As the basic structural foundation for almost all construction, soil materials play an important role in the ultimate success of a project.
During the design stage, it is important to carry out analysis of soil properties to determine its suitability for the proposed construction project.
- Soil Sampling
- IN-SITU Density (Sand Replacement Method)
- Atterberg Limit
- Liquid Limit
- Plastic Limit
- Shrinkage Limit
- Particle Density
- Particle Size Distribution
- California Bearing Ratio (CBR)
- Soil Strength (Direct Shear)
- Soil Strength (Triaxial)
- Soil Permeability (combination permeameter)
Correct sampling and preparation of soil samples is necessary to obtain detailed information regarding the sub-surface structure and engineering characteristics of the area under investigation.
Augers are used for boring in cohesive soils or sands and gravels. This equipment can be used to obtain disturbed or undisturbed samples at reasonable depths, subject to ground conditions.
Figure 1: Hand held driven auger
Figure 2: Sample tubes
- 100mm & 150mm Soil auger head
- 150mm Gravel and Sand auger head
- 50mm dutch soil auger head
- Core-cutter (I 00 x 130mm)
Location(s): available at Abuja & Ota
In-situ density is widely used to control the field compaction of earthworks and pavement layers
Figure 3: Sand replacement apparatus
Atterberg limit tests are used to determine the critical water contents of fine-grained soils.
Liquid limit is the moisture content at which soil passes from the plastic to the liquid state. This can be determined using the; The Casangrande method and Cone penetrometer method.
Figure 4: Casangrande apparatus
Figure 5: Cone penetrometer apparatus
Plastic limit is the lowest moisture content of a soil that will permit a sample to be rolled into threads of 3mm diameter without the threads breaking. This is determined using the Plastic limit test set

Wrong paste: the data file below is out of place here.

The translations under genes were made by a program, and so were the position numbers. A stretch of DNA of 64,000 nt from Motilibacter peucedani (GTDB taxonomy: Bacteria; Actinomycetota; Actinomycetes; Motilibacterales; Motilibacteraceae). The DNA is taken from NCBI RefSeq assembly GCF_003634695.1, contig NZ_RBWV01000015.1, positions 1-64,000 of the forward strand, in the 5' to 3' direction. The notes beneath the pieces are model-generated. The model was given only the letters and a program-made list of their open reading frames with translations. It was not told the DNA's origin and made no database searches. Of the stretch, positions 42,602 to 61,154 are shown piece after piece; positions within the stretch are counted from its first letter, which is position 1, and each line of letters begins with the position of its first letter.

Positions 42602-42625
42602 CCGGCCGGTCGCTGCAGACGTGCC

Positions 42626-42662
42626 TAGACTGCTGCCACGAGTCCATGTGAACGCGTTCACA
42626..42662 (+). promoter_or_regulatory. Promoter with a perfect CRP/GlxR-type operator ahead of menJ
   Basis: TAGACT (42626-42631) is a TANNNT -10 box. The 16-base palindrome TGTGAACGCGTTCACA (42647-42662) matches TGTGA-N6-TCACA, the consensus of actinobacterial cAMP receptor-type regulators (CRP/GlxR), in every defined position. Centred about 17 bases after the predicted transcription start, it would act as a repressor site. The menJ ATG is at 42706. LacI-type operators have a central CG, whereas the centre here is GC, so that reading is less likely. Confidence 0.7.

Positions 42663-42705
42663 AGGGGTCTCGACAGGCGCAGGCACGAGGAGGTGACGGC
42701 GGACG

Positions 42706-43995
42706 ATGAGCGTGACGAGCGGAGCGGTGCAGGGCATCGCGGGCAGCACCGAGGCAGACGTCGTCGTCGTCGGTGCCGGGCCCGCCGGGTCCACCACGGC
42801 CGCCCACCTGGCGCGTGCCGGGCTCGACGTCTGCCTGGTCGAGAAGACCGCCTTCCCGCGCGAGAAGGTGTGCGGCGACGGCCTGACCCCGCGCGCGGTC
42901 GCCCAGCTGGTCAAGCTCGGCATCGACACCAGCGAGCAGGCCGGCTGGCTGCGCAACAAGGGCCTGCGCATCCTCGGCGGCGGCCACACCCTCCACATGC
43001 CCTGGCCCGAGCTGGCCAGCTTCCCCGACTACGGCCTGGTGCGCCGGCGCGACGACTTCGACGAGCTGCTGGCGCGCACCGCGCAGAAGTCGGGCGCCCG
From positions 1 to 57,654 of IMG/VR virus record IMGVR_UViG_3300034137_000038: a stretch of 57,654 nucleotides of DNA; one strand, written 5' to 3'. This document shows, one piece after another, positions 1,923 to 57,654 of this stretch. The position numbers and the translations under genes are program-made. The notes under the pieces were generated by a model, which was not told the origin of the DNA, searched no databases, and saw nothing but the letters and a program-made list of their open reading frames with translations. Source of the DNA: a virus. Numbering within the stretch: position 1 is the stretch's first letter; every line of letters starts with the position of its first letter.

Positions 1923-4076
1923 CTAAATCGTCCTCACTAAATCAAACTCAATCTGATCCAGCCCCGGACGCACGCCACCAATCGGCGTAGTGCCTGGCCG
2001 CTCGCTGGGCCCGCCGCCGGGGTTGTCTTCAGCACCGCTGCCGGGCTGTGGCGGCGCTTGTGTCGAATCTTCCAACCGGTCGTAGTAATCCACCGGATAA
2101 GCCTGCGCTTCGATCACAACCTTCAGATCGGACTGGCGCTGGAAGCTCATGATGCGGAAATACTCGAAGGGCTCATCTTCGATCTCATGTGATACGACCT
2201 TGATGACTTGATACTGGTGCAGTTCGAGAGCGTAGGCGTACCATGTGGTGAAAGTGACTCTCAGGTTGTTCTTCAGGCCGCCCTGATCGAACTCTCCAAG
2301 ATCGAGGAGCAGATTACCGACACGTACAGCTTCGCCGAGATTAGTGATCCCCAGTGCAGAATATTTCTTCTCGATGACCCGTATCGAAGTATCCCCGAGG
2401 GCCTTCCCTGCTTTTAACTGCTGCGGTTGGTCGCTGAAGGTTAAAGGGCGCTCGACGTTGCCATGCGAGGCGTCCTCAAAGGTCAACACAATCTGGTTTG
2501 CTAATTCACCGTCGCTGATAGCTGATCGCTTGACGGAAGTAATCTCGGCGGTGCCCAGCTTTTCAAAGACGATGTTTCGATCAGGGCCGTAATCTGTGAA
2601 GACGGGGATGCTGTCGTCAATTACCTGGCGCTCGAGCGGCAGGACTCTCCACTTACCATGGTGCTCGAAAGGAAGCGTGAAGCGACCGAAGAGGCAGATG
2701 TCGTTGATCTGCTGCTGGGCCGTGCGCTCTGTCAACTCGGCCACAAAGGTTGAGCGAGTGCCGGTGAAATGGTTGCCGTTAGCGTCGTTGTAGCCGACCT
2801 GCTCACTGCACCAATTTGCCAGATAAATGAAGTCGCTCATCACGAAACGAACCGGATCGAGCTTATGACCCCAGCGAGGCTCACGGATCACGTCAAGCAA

Figure 6: Plastic limit apparatus
Shrinkage limit is the maximum moisture content at which the soil stops shrinking when dried. Linear shrinkage is determined using the shrinkage mould.
Figure 7: Shrinkage mould
Particle density is a measure of the actual particles which make up the soil mass. It is used when calculating porosity, voids and when compaction and consolidated properties are being investigated
Figure 8: Pyknometers
Figure 9: Density bottles
This can be determined using the Pyknometers and Density bottles (25ml, 50ml & 100ml)
Analysis of soils by particle size provides useful engineering classification system from which a considerable amount of empirical data can be obtained. This can be determined using the Sieve analysis for gravel and sand size particles and sedimentation analysis for fine materials such as silt and clay
Figure 10: Sieve shaker with complete set of sieve
Figure 11: Sedimentation apparatus
200mm Dia BS Sieve 63 µm, 75 µm, 150 µm, 212 µm, 300 µm, 425 µm, 600 µm, 1.18mm and 2mm Stainless Steel Mesh
Soil compaction is the process of increasing the density of soil by packing the soil particles closer together causing a reduction in the volume of air present in the samples. This can be achieved using the Automatic Soil Compactor
- With accessories for light and heavy compaction (CBR)
- With manual compaction accessories (2.5kg, 5kg)
Figure 12: Automatic Soil Compactor
California Bearing Ratio (CBR) test is an empirical test used for estimating the bearing value of highway sub-bases and sub-grades.
- With accessories for soaked and un-soaked CBR
Figure 13: CBR test machine
The direct shear test is used to determine the consolidated drained shear strength of a soil sample.
- With accessories for testing 60mm sq. and 100mm sq. samples sizes
Figure 14: Direct shear apparatus
The Oedometer Consolidation determines the rate and magnitude of consolidation of a soil specimen with low permeability. Tests are carried out on specimens pre• pared from undisturbed samples.
Figure 15: Consolidation apparatus
Triaxial tests are used to investigate the stress-strain relationships in undisturbed, remoulded or compacted soil samples.
Figure 16: Triaxial test apparatus
The combination permeameter apparatus is a combination of the constant head and falling head permeability set which is used to study the behavior of relatively coarse grained soils such as sands and gravels; fine grained soils such as clay-like or silty soils with respect to water flow.
Figure 17: Combination permeameter apparatus